Count nounsCount nouns refer to individual people or things. They have a plural form, usually formed by adding s, though there are some irregular plurals (see Collins Cobuild English Grammar). When they are singular, they are usually used with a determiner, such as a, each, his, that, or the, or with a possessive such as John's. When they are plural, they may be used either without a determiner or with a determiner such as any, some, or the, or a number.
Singular count nouns without a determiner
These nouns are labelled N-COUNT in the Collins Cobuild English Dictionary.
There can be a big difference between how you feel and how you behave.
Differences also emerged between the two areas in relation to political leadership.
I don't think the answer to high divorce rates is to make divorce more difficult.
There aren't any easy answers.
Set in provincial Germany in the Thirties, the book is a subtle, elegiac exploration of the author's childhood relationship with his grandfather.
'Her books are based on her own experience of learning to fly a helicopter,' a spokeswoman said.
The situation in the city was generally calm.
These cities were supposed to absorb migrants coming to the capital.
Peter was still in hospital having extensive treatment to save the sight in his right eye.
His eyes were red as if he had been crying.
The younger girl was taken by the SEQEB helicopter to the Royal Children's Hospital in Brisbane.
A few rows behind her the two girls she'd noticed earlier were sitting close together, not speaking.
This issue is by no means as clear cut as his letter suggests.
The issues are complex.
When a singular count noun is the Subject of a verb, the verb is singular. If a plural count noun is the Subject of a verb, the verb is plural.
The meeting in New York was the first high-level contact since the end of the civil war.
His political meetings were open to all and he was brutal with hecklers.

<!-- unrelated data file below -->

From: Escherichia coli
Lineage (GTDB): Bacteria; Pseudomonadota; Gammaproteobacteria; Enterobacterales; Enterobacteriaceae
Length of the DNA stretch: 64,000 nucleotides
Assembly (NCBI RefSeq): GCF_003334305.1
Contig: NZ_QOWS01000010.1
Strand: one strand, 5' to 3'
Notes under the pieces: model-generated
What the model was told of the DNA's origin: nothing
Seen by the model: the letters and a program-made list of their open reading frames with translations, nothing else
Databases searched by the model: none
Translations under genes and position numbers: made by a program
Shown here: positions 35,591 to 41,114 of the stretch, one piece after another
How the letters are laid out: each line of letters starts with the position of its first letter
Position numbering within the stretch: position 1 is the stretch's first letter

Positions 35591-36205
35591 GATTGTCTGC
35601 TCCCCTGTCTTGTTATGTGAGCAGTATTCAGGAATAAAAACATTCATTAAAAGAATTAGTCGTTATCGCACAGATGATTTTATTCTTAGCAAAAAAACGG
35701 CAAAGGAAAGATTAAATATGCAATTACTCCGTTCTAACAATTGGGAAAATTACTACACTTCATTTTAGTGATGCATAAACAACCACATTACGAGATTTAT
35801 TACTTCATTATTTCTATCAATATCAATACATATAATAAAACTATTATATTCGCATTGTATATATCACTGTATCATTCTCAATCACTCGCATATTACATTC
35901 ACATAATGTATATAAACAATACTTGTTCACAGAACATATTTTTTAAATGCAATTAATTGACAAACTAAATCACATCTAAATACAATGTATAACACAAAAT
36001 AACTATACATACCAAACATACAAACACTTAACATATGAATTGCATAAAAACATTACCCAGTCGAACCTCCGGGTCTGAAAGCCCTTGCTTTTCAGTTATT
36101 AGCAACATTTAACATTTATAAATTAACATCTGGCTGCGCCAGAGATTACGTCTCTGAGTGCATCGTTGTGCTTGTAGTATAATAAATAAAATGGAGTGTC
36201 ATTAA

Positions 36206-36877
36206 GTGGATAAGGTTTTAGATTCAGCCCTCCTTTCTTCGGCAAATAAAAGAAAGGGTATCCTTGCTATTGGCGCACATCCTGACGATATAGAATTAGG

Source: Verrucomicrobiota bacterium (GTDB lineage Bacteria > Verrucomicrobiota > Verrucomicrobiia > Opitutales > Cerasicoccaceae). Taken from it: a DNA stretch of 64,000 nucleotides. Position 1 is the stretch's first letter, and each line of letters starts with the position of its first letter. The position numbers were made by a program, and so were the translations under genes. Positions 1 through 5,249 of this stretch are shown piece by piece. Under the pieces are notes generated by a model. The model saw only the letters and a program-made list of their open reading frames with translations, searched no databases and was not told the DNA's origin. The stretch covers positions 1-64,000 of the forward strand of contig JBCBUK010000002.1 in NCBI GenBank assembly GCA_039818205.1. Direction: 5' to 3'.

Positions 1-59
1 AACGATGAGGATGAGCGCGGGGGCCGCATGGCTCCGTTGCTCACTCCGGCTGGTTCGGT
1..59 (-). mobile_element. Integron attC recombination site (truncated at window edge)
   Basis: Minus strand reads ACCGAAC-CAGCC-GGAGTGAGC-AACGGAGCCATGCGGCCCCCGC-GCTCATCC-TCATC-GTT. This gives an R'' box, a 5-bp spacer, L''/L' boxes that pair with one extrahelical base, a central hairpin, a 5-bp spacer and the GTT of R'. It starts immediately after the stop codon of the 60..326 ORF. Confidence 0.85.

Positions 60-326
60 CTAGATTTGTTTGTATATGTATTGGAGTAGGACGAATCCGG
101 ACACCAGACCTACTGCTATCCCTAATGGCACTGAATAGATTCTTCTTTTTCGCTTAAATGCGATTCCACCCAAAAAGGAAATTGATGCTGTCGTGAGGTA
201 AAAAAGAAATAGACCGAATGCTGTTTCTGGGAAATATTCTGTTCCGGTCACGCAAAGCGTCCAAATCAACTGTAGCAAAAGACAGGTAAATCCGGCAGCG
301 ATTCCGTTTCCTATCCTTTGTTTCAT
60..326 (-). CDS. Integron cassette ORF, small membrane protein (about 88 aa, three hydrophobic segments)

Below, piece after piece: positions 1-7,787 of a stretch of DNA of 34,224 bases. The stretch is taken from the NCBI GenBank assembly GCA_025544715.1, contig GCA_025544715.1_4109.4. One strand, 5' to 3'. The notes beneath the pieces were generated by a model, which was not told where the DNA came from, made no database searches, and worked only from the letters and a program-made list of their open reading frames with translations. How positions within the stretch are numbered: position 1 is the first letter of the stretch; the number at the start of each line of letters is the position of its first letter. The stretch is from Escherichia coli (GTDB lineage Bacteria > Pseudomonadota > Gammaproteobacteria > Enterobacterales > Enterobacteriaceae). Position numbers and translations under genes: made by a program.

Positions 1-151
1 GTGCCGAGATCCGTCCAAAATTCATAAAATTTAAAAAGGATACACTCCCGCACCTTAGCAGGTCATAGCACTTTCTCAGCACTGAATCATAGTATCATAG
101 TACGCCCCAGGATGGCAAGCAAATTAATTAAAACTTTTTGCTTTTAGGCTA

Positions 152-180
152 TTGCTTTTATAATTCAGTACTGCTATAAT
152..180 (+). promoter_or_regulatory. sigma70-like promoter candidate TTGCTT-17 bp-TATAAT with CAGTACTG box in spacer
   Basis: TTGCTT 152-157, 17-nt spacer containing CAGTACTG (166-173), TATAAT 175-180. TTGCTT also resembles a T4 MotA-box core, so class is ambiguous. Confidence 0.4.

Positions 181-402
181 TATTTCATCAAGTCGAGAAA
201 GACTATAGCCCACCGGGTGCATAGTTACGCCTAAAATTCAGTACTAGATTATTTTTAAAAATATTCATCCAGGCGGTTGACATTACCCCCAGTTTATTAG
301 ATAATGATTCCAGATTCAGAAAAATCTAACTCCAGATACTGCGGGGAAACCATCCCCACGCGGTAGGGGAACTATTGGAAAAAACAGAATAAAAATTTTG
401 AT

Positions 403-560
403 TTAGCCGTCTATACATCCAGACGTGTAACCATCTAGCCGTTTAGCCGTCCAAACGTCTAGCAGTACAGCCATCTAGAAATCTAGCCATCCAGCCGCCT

There are also situations where a woman is not seen as so much of a threat as a male colleague.
Women are as much at risk as men of developing diseases from smoking.
Here is a list of some of the most frequent nouns which have at least one count sense:
account act agency agreement animal answer area army association attempt baby ball band bank bed board body book box boy brother budget building call campaign car card career cent centre century chairman championship charge child choice city claim class club coast colour committee company computer conference contract cost council country couple cup customer daughter day deal decision demand department detail difference director doctor dollar door drug economy end event executive eye face fact family feeling field figure film firm foot form friend fund game garden girl goal government group hall hand head heart hill holiday horse host hour house husband idea image increase island issue job judge kid kind king lady language law leader league letter level line list machine man manager march mark market match meeting member mile mind minister minute model moment month move name nation newspaper number office officer operation order page parent park parliament part partner party patient performance period person photo picture piece place plan plant player point position pound president price problem process product program programme project queen question race range rate reason record BROKEN! relation relationship report result road role room rule sale scene season seat secretary series service share shop side sign sister situation son song sort source spokesman stage standard star start state statement station step story street student style subject system table teacher team television test thing time title tour town tree type union unit view visit voice vote way week weekend wife window winner woman word worker writer year